Shades of Milk and Honey, a Regency with magic tale of uppity well-off people who are in—no, well, out…er, on second thought, super in—love.
Jane: 28-year-old self-proclaimed spinster (sister, we’ve all been there) who is really super good at ~magic
Melody: super hot younger sister of Jane who is annoyingly fucking melodramatic
Mr. Ellsworth: father to Jane and Melody, pretty much a joyously rotund voice of reason
Mrs. Ellsworth: mother to Jane and Melody, fretty hypochondriac
Mr. Dunkirk: super suave son of a gun who is also an eligible bachelor (hollaaaa!)
Miss Beth Dunkirk: melancholic lil’ sis to Mr. Dunkirk with a ~mysterious past~
Lady FitzCameron: queen of the socialites
Captain Livingston: Hotty Hot McHotterson back from being a stud, childhood friends with Jane/Melody
Mr. Vincent: brooding artist who also has a dark/mysterious past and a horrible bedside manner
Plot summary: Jane is an old fart who has given up on love (foreshadowing on a crazy unexpected plot twist that no one sees coming ever) and is only having it rubbed in more by the fact that her sister is the Gisele Bündchen of the countryside. On the plus side, Jane is super good at an illusionary magic called Glamour, but also has a really long ugly nose apparently. Jane and Melody (aforementioned supermodel) vie for the attention of all of the eligible men so they don’t die unhappy, bitter and alone, because all single women are ultimately that. BUT! When Jane finds out that one of Melody’s suitors is going to take advantage of her and probs run away with all her money, she sets off, with the help of Glamour and some kuh-razy hijinks, to set things right, because Melody has a single digit IQ and can’t do it herself. Oh, also, Jane finds love in an unexpected place.
Hooked? Yeah, I was sort of so-so, too. Glad I got over that, because Kowal’s book is light, easy and fun—once you get into it.
The largest problem I had with this novel with my constant and seemingly subconscious comparison I would draw between Shades of Milk and Honey to the works of Jane Austen—shit, it’s kind of hard to miss when even the author compares the two upfront. They persisted, they were nagging, they were numerous, and because of this, Mary Robinette Kowal’s own work of fiction took the back burner. Throughout the novel I compared Kowal’s depth of character to Austen’s, the stereotypes used to Austen, the setting to Austen…you get the picture, especially when none of those fights really ended in Kowal’s favor (note: I’m not even really a Jane Austen fan, which makes the association even more uncomfortable). In fact, before I started reading it, the only reactionary thing I heard about the book was “it’s like Jane Austen, but with some magic.” I was about two-thirds done with the quick read when it dawned on me: once you realize that Kowal didn’t mean for it to be a direct emulation of Jane Austen and instead a mediocre homage, the book becomes a lot more enjoyable.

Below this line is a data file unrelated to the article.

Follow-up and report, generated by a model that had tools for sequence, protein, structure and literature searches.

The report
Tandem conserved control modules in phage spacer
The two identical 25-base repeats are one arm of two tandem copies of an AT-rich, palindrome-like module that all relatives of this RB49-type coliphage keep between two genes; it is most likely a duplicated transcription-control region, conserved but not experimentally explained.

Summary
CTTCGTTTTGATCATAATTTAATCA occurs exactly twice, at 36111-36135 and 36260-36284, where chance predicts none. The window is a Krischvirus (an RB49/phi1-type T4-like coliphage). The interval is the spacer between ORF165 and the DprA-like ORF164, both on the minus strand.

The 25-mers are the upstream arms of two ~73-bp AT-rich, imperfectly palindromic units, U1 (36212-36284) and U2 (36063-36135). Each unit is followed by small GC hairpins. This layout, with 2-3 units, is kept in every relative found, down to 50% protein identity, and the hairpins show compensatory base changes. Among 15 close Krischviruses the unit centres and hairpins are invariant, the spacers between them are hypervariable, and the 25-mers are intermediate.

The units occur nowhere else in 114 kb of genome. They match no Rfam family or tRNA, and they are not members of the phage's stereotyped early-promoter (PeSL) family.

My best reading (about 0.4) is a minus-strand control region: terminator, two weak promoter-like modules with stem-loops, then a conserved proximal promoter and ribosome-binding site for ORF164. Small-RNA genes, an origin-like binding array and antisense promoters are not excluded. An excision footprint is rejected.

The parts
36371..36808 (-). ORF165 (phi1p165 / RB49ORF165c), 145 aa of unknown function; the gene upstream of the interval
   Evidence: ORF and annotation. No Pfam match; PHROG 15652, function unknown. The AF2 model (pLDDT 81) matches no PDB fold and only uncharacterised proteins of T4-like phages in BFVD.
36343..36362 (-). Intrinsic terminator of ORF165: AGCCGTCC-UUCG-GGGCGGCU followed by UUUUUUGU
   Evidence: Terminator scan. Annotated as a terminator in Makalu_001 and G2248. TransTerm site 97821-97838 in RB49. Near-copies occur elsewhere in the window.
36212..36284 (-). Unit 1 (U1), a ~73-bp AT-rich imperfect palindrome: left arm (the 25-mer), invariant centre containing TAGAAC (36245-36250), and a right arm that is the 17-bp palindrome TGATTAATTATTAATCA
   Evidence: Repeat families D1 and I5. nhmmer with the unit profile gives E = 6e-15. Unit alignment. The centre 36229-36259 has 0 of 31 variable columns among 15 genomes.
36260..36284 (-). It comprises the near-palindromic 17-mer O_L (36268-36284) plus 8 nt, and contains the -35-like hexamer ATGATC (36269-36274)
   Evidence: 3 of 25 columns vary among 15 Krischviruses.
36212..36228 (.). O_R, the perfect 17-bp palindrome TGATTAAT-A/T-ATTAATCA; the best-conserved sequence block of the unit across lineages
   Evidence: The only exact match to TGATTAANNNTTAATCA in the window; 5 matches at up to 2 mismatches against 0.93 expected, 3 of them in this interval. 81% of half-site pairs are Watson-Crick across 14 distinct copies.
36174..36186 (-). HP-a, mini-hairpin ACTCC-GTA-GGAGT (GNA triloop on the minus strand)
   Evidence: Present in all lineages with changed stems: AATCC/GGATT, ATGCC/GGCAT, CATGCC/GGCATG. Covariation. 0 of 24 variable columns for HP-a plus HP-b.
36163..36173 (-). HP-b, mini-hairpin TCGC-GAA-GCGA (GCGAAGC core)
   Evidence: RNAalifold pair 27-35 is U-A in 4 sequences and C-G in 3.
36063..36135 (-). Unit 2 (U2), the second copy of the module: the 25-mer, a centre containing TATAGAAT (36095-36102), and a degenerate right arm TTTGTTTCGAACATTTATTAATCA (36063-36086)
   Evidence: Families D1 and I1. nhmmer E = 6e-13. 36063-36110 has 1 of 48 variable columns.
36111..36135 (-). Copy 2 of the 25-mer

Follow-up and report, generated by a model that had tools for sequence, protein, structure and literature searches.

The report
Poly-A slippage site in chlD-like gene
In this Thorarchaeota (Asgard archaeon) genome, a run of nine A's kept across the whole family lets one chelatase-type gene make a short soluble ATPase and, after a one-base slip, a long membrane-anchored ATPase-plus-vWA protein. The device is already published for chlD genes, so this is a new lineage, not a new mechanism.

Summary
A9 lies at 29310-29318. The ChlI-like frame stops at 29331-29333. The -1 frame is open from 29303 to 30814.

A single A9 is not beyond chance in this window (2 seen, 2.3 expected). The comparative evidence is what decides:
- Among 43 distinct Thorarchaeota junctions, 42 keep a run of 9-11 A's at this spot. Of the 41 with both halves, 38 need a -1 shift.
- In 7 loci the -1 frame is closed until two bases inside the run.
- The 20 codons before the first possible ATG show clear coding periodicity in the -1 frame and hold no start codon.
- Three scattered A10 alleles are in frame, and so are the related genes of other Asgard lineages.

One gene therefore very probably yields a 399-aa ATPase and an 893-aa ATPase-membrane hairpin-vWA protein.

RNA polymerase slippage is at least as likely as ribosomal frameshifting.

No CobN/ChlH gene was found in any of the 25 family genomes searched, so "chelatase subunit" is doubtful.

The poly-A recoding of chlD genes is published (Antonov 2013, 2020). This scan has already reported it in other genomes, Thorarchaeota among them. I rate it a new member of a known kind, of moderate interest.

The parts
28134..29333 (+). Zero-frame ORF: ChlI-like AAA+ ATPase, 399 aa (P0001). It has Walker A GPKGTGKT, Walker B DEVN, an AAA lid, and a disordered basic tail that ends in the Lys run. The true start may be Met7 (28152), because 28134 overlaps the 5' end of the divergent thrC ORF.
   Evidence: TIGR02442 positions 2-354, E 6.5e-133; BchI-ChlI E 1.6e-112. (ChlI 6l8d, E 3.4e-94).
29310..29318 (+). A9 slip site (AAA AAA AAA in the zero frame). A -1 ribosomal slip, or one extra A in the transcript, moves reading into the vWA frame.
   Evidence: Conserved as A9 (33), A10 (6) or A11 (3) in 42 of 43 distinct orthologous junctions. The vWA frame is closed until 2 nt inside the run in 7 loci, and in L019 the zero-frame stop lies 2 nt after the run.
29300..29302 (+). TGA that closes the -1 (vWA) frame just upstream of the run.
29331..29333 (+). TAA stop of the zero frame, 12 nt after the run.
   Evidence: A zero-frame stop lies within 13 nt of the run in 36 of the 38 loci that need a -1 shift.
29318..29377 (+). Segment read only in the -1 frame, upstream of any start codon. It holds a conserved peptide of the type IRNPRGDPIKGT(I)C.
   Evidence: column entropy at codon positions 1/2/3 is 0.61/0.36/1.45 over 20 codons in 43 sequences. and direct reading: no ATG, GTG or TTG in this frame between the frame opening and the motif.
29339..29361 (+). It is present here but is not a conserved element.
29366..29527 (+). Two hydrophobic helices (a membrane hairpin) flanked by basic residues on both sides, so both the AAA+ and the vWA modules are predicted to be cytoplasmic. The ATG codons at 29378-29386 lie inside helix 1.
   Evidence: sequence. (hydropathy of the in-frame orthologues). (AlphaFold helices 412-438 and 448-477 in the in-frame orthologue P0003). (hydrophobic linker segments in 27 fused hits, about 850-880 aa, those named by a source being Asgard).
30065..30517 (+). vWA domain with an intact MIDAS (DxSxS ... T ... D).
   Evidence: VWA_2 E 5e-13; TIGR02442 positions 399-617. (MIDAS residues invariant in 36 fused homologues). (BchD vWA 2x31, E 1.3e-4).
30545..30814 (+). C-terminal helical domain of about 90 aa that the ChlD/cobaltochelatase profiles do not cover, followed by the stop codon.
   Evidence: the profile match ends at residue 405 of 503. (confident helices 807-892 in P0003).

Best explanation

In fact, when Austen is cut out, it even becomes fun! When the urge to compare it to something that’s obviously its superior takes over, the novel in question loses every shred of entertainment that it could potentially offer. Instead, it becomes one, big “ugh, really?” For all of the imitative themes, Shades of Milk and Honey doesn’t deserve such a quick dismissal, yet the constant badgering of Austen’s work influencing Kowal, down to Kowal thanking and acknowledging Austen’s work as a source of inspiration, dampens the worth of the book. It really is really a damned shame. It was honestly a conscious effort to push the comparisons far enough out of my vision that I could enjoy the actual work of the author, but it was something that I had to do or I wouldn’t have made it to the end.
Gone are the comparisons to Elinor and Marianne of Sense and Sensibility and left is an unwitting love story filled with melodrama, crazy love triangles, crazier hate pentagrams and some swirly magic called Glamour that makes everything super glamourous looking (couldn’t resist) that would certainly make my world a bit shinier and prettier. That’s where I’m supposed to say something like “but that’s the point of the novel, the use of Glamour versus the grim and superficial actions of the characters is supposed to show us that true beauty is within, and not just because you use parlor tricks to fix your teeth to get all the menz”—however, I’m not about to do that beyond what I just did. Why? Well, because I think that’s a super trite message, anyone with basic puzzle skills can ascertain it, and I actually think that would be accrediting this book with too much. Sure, it got better sans Pride and Prejudice, but that doesn’t mean that it’s the deepest shit ever.
At its worst, this is a book that is frivolous and uncomplicated.
At its best, this is a book that is frivolous and uncomplicated.
Sure, it has a lot of inner drama that sometimes makes you roll your eyes, and maybe once or twice there is a twist that catches you off guard, but it’s never really knocks you off, maybe like a couple millimeters, and that’s perfectly fine. The pages fly by, the end, even though you can see it from a mile away, is satisfying, and even though Jane’s self-deprecation can get pretty bad, it’s bounds better than Bella’s unfounded self-doubts in Twilight. It’s enjoyable. It’s not taxing to read. I even gushed a little at the ending.
At the end of the day, because I had to spend half of my attention trying not to compare it to other things to actually be able to enjoy the wit and pleasure found in Shades of Milk and Honey, I’d give it a 4/5. I’ve heard that the sequel is more Kowal and less Austen, so I’m totally on board.